Loneliness and the elderly

By From the Heart | Catholic Culture

Jan 10

It is not new that many elderly people today are lonely. Loneliness is a social and financial concern for all of us as the elderly population continues to increase. Pope Francis has had the following quote:

“At this time of crisis we cannot be concerned solely with ourselves, withdrawing into loneliness, discouragement and a sense of powerlessness in the face of problems. Please do not withdraw into yourselves! This is a danger: we shut ourselves up in the parish, with our friends, within the movement, with the like-minded… but do you know what happens? When the Church becomes closed, she becomes an ailing Church, she falls ill! That is a danger. . . .A Church closed in on herself is the same, a sick Church.”

Older adults feel lonely due to several variables. They have a lack of social connections – how many of us know our neighbors? People move frequently away from their immediate families. Families with young children are busy with activities throughout the week and into the weekend. Grandparents do not live with their families and many retired seniors move to warmer climates. As people age, chronic illnesses become more prevalent. Mobility becomes an issue. Decreased energy prevents elderly from being involved with family activities. Doctor visits alone take up much of their time and energy. When you don’t feel well – you may just want to stay home.

Loneliness is not a natural part of aging. So it is important to recognize warning signs of loneliness. Some signs of loneliness include:

  • Sudden neglect of hygiene and personal care
  • Lack of motivation
  • Mysterious aches and pains
  • A noticeable increase in negative thinking and pessimism
  • A drop in energy levels
  • Declining interest in social activities
  • A change in reaching out to family/significant others
  • An increase in activities that might be ways of coping such as shopping

Any personal loss such as loss of spouse, family member, pet, or friend can trigger loneliness. Loneliness can exacerbate health problems such as high blood pressure, heart disease, depression, diabetes, and increased the risk of dementia.

Some suggestions for the elderly person to combat loneliness include:

  • Increase social interactions. Check out a senior center.
  • Volunteering
  • Connecting with family and friends through technology on your computer or phone
  • Join an exercise club
  • Owning a pet
  • Make sure hearing and eye sight are not causing isolation
  • Investigate transportation issues as giving up the keys can be monumental
  • Reach out for support

If you are a family member or a friend, there are suggestions to help with those who are at risk for loneliness.

  • Check in with the elderly person without causing them to lose their independence. Let them make as many safe decisions as possible. Scheduling time to talk on a regular schedule can give them something to look forward to.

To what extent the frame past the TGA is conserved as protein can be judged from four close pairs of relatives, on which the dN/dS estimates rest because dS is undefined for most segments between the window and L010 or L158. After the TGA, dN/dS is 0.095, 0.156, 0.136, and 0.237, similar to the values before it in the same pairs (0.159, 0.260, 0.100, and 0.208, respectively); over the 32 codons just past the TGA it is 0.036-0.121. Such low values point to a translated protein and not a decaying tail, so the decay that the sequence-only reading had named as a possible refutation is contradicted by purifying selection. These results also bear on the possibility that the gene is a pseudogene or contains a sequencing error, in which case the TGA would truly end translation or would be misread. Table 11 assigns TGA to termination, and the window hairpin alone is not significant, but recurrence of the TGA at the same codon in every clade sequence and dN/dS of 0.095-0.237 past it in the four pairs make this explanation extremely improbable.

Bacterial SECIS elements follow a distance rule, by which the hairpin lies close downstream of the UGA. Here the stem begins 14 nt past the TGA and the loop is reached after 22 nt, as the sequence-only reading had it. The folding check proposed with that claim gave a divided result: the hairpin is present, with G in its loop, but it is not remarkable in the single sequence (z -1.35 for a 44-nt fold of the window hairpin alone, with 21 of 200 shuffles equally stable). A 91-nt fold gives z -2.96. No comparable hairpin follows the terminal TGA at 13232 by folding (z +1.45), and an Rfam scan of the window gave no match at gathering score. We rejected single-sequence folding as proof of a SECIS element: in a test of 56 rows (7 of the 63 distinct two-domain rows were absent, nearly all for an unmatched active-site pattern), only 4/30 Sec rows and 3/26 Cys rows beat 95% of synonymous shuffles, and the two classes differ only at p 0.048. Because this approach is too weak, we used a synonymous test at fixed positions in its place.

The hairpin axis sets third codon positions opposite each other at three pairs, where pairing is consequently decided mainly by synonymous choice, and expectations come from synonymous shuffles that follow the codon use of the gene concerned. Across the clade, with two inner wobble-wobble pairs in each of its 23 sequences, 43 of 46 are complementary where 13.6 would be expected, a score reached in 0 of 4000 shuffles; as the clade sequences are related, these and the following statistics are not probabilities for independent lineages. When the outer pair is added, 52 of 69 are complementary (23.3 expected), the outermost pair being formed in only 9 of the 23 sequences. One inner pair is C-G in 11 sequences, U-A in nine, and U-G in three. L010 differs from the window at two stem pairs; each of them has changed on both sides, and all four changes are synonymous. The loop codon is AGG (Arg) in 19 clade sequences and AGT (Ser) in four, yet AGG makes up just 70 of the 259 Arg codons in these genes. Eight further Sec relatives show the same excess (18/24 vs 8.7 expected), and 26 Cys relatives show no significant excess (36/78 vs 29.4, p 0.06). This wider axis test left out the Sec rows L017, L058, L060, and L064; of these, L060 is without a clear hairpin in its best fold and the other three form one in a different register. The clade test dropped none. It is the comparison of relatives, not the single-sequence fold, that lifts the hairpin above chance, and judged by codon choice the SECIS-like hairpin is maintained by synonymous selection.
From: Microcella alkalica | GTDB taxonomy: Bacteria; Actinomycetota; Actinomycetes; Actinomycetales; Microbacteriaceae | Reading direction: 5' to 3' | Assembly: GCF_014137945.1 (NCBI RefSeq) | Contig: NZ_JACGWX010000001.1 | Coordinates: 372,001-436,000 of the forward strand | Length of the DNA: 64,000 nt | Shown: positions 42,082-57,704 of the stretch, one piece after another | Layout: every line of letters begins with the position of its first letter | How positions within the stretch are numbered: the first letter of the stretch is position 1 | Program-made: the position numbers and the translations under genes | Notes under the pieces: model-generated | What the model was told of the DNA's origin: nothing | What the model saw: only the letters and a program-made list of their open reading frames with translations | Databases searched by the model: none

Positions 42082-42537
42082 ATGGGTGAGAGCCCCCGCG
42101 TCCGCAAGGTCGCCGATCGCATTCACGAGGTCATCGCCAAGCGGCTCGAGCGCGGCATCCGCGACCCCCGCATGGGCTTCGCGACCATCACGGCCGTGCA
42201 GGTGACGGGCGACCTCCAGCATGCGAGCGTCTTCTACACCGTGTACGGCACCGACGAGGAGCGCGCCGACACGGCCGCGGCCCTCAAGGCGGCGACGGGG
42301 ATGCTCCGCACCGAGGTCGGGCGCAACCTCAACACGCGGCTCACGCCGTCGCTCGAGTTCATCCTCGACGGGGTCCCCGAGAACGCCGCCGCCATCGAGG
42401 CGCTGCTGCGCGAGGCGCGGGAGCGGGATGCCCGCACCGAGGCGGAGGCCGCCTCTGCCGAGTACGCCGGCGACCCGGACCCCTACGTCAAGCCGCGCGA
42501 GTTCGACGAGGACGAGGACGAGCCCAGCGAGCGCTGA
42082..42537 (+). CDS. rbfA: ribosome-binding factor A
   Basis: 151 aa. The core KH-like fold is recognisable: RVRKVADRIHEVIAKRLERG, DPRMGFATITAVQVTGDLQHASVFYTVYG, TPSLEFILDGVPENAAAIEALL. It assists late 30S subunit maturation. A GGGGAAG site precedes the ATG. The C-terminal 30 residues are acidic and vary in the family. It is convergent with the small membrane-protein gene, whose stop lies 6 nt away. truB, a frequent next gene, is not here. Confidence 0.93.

• Send cards, letters, photos, electronic greetings.
  • Ask questions to share their generation of knowledge. Passing information on to their families is a precious gift that usually requires only time
  • Be patient with elderly persons who take a long time in the checkout line or seems to talk extra long to the waitress in the restaurant. This may be their only personal contact all day.
  • Be sure to investigate transportation options if your elderly person is unable to drive. Also investigate if they are still able to drive safely.
  • Be aware of Elder fraud. Many elderly who have been taken by fraud are apprehensive to talk to anyone about it because of the shame at their embarrassing situation.
  • If you live away, check out volunteer organizations in the area who could make visits and provide needed services.
  • Continue to evaluate their living situation as aging may change their abilities over time to feel safe and secure.

**Information above summarized from  https://www.greatseniorliving.com/articles/chronic-loneliness.

Prayer for Relationships

O Lord, I ask you today to help me truly
Connect with those around me.
Help me not to be focused on accomplishing
tasks, but on building relationships.
Please slow the time down to just the
right speed needed to enjoy and value
each person.  Help me to see with the
heart of Jesus.  I thank you for this
wonderful opportunity to be a channel
for your love.

—Margaret Simonson, RN, Parish Nurse, Community Lutheran Church, Escondido, CA, from Prayers for the Soul:  Comfort for Parish Nurses & the People they Serve

Joyce Simones, MS, EdD, RN has been a Faith Community Nurse since 2012. She is a member of Sacred Heart Catholic Church in Sauk Rapids. Her clinical background is Intensive Care at the Mayo, Minneapolis, and St. Cloud. She has also been a nursing professor at College of St. Benedict/St. John’s University and St. Cloud State. She is married to Greg and has three children.

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(1) comment

Geralyn January 10, 2020

Thank you for a very timely, insightful piece. The long, cold dark of winter can exacerbate the feelings of being lonely. I especially appreciate the suggestions to care for one another.

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